Philosophy | Topics in Theory of Knowledge
P312 | 13240 | Schmitt


This is a course on the theory of knowledge or epistemology.  We will
cover two topics.  One has been central to the theory of knowledge in
the Western tradition since ancient times: the topic of skepticism,
or whether we know anything.  The topic is central because it is
thought by many that skeptical doubts arise naturally from reflecting
on the nature of knowledge and that the study of skepticism
accordingly reveals our deepest convictions about knowledge.
Philosophers have offered many arguments designed to call into
question human cognitive achievement and establish that we know much
less than we think we do. Philosophers have also offered many
responses in defense of our claims to knowledge. These too reveal
something about the nature of knowledge. We will sample a few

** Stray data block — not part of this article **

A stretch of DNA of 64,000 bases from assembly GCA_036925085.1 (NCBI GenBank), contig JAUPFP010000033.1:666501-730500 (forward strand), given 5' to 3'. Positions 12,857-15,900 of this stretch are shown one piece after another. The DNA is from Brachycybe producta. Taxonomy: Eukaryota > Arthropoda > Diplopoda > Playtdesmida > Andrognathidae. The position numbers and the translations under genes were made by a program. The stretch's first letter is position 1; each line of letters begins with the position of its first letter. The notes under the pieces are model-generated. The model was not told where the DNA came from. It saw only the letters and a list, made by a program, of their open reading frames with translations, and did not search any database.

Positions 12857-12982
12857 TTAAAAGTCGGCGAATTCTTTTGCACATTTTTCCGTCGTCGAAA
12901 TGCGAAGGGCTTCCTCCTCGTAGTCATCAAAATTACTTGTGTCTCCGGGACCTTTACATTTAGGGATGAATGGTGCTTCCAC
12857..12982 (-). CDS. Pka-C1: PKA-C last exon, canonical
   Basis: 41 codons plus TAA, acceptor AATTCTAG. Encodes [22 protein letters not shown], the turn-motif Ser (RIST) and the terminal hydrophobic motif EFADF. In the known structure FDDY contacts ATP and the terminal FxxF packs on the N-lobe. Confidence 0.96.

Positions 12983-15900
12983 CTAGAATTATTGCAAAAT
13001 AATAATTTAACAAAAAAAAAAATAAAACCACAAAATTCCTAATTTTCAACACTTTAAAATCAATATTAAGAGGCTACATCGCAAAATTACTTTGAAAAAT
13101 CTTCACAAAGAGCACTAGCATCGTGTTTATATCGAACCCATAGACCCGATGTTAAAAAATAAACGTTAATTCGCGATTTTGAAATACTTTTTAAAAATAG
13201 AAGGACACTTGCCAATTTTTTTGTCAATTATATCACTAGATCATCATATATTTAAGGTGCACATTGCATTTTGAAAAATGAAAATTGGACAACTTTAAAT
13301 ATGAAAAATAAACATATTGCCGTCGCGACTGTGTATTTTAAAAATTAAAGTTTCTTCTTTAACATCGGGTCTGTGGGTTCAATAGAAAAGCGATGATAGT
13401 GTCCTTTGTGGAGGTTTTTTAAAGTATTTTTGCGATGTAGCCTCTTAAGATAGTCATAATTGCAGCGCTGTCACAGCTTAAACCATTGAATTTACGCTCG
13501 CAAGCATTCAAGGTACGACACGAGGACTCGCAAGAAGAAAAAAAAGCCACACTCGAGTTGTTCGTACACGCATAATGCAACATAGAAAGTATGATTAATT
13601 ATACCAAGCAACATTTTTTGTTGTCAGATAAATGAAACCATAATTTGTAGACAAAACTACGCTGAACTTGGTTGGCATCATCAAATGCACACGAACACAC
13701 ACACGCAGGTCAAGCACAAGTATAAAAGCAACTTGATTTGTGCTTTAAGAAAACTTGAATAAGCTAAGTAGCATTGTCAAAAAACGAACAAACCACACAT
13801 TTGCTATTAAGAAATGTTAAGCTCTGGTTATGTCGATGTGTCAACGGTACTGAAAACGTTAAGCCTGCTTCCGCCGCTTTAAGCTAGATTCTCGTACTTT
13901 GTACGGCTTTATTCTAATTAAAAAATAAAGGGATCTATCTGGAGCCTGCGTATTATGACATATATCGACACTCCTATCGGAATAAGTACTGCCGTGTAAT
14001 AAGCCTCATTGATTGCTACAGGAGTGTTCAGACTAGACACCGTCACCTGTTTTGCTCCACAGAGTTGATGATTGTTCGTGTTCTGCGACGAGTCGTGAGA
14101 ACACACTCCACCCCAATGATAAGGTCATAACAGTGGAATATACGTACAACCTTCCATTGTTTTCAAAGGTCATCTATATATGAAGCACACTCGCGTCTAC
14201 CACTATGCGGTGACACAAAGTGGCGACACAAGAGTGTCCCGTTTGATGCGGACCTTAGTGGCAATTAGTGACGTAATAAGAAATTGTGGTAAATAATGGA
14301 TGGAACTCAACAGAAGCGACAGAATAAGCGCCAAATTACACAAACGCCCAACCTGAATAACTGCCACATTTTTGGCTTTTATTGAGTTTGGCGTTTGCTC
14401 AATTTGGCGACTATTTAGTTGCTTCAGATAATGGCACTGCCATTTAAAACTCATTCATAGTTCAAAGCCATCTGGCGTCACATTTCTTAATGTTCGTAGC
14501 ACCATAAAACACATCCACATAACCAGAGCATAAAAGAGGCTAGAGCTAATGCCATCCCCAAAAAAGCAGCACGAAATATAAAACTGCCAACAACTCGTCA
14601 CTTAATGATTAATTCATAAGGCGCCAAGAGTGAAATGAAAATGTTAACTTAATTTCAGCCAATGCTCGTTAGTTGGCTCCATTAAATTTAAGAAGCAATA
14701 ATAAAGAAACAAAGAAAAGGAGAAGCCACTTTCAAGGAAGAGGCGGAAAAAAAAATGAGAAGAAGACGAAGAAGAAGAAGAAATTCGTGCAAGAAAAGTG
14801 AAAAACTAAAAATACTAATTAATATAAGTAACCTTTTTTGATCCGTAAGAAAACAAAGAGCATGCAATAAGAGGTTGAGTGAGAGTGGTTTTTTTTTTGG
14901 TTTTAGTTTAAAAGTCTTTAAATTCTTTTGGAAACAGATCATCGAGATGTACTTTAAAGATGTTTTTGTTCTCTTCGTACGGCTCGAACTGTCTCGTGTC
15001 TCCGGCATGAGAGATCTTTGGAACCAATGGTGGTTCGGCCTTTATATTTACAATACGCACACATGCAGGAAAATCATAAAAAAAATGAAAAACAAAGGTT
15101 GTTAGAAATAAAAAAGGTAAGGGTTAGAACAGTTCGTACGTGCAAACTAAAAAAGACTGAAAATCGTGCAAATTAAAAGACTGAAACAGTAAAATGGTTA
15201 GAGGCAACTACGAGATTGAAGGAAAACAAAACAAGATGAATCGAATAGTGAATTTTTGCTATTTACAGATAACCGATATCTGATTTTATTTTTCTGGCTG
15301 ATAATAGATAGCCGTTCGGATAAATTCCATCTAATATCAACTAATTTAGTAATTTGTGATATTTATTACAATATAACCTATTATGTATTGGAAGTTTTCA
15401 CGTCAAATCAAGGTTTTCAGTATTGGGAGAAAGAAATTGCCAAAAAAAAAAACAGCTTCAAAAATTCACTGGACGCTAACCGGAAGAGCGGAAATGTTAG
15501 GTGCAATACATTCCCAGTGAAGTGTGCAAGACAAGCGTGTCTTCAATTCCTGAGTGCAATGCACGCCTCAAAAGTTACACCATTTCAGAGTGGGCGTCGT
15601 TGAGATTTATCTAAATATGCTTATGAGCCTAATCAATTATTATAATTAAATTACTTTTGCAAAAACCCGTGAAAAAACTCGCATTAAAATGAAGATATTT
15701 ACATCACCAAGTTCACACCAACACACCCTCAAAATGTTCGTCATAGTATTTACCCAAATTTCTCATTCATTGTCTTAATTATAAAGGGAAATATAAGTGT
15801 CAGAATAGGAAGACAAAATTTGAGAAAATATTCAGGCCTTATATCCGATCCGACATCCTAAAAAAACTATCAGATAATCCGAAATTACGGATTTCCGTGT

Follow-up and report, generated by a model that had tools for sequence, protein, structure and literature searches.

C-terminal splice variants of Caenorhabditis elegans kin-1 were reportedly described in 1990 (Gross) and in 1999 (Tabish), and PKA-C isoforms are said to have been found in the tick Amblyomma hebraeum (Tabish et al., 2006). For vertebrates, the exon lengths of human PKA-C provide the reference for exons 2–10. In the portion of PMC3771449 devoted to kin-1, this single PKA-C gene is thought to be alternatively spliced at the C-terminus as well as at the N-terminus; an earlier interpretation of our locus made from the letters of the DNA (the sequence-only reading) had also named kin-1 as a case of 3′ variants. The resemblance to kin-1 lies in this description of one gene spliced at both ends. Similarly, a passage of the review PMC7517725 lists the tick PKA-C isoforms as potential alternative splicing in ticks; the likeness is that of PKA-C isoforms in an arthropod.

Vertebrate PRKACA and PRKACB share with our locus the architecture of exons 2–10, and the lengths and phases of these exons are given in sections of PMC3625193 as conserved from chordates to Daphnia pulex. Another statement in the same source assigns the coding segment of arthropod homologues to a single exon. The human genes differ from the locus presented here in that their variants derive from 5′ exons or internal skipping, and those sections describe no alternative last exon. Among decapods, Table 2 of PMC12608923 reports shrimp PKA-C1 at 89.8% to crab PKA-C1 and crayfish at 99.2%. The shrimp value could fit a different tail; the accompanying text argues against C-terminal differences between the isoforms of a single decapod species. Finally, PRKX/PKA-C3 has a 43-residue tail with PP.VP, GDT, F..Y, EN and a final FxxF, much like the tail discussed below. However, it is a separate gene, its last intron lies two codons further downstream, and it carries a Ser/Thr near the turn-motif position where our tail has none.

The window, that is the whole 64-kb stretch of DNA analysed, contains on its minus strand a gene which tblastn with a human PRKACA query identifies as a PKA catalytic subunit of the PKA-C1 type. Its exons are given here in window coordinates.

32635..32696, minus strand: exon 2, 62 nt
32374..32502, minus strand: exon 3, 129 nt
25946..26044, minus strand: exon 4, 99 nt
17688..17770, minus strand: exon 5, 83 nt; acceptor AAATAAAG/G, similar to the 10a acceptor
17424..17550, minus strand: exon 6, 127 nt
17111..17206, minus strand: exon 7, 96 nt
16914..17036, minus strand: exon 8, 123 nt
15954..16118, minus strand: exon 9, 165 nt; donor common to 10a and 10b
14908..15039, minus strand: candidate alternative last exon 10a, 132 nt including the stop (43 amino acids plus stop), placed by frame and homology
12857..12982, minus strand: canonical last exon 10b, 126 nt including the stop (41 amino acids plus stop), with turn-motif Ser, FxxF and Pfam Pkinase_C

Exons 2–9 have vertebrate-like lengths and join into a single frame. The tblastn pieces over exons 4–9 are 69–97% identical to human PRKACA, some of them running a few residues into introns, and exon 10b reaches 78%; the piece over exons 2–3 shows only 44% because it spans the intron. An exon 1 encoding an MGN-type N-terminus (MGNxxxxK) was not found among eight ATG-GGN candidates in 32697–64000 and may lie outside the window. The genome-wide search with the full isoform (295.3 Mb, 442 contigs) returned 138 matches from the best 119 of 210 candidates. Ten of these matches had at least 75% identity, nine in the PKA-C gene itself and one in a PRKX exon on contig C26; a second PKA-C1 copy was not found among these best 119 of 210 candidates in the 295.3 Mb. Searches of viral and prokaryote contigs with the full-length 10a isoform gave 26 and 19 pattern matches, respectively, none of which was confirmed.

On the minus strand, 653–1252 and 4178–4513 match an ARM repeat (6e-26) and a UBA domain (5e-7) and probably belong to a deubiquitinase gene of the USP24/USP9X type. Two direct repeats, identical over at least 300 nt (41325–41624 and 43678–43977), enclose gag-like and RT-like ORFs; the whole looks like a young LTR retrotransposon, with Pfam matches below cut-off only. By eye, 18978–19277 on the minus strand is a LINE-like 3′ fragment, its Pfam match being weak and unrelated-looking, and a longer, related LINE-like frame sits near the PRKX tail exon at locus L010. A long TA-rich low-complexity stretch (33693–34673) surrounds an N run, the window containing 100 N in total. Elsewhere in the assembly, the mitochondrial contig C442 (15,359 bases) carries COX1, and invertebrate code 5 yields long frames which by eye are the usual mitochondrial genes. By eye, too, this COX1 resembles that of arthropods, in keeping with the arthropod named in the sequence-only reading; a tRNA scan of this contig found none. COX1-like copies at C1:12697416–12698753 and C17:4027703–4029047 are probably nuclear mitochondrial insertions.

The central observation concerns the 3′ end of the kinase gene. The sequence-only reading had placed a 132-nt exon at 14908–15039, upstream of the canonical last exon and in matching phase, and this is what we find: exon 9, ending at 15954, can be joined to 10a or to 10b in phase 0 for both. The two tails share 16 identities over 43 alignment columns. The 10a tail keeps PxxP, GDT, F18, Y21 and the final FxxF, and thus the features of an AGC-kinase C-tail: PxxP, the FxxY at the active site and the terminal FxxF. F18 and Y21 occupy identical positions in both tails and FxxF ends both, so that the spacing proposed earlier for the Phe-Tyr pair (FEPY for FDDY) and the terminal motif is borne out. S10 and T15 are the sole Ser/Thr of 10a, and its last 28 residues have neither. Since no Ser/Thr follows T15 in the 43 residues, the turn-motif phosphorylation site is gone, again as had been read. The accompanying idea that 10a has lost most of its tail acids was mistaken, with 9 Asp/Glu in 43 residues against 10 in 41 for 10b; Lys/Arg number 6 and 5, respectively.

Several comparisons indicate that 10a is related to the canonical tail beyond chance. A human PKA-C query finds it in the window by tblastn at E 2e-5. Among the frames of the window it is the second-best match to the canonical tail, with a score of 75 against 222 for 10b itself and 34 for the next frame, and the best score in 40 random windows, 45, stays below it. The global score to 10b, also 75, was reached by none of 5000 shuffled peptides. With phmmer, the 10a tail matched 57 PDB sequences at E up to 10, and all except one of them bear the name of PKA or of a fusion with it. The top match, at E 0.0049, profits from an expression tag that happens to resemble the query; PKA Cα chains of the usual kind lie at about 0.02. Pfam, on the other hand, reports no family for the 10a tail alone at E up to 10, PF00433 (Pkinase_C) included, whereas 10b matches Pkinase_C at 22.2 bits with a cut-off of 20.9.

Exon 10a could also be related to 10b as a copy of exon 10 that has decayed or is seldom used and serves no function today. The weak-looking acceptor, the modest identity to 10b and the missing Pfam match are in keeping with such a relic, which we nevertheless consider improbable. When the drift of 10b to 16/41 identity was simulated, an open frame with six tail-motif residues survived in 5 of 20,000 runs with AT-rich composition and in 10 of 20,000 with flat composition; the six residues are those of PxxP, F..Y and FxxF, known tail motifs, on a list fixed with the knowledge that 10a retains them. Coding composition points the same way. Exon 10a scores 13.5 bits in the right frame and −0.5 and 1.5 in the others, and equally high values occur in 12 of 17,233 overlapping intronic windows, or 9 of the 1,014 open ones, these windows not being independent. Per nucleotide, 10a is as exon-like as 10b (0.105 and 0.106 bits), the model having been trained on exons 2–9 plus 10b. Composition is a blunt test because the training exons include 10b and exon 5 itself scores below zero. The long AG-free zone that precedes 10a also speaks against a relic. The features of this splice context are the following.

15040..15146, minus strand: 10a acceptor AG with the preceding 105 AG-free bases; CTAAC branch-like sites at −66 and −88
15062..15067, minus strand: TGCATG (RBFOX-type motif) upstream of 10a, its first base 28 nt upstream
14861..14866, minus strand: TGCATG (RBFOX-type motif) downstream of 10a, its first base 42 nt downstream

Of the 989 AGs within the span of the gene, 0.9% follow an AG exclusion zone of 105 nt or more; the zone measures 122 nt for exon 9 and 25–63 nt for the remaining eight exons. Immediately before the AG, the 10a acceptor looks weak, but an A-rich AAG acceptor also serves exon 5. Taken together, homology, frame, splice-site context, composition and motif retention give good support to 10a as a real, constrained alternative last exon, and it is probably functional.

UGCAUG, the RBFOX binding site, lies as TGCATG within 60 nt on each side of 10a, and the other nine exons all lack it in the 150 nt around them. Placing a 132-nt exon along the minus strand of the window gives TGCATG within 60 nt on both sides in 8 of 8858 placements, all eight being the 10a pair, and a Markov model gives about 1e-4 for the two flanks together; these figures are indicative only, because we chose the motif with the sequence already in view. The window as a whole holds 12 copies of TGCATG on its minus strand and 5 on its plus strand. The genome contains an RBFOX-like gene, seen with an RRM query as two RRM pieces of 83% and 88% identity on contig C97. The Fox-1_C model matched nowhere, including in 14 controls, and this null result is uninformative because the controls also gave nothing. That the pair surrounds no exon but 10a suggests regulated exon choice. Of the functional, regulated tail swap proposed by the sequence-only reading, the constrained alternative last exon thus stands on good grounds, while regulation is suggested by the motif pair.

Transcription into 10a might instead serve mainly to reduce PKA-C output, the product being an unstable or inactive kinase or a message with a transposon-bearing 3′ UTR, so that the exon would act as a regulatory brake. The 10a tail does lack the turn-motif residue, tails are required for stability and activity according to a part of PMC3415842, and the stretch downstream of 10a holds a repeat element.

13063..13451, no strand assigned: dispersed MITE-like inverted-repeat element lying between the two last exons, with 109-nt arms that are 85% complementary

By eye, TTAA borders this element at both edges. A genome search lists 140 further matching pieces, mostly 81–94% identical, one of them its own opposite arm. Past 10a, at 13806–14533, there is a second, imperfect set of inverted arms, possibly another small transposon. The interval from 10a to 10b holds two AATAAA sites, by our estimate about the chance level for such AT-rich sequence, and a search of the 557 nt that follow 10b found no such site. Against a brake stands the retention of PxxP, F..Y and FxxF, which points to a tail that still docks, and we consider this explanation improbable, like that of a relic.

important kinds of skepticism and consider major responses in defense
of knowledge. These will include both attempts to refute skepticism
and attempts to dismiss the skeptic or to change the topic.  We will
also consider some theories of knowledge deliberately contrived to
prevent skeptical challenges from being raised or to defuse skeptical
challenges—e.g., coherence theories of knowledge and reliability
theories of knowledge. We will read Barry Stroud’s book, The
Significance of Philosophical Scepticism, and we will examine
responses to scepticism by G. E. Moore, J. L. Austin, the logical
positivists, and W. V. Quine.  After discussing skepticism, we will
devote the remainder of the course to virtue epistemology, which
tries to understand human cognitive achievement in terms of
intellectual character rather than evidence or methods for forming
beliefs. Virtue epistemology has roots in the Aristotelian tradition
and was developed by Aquinas, but had been largely forgotten until
recent decades. Its recent revival was inspired by the popularity of
reliability and naturalistic approaches to epistemology.  We will
read Linda Zagzebski’s Virtues of the Mind.  This course presupposes
no prior acquaintaince with the theory of knowledge or the history of
philosophy.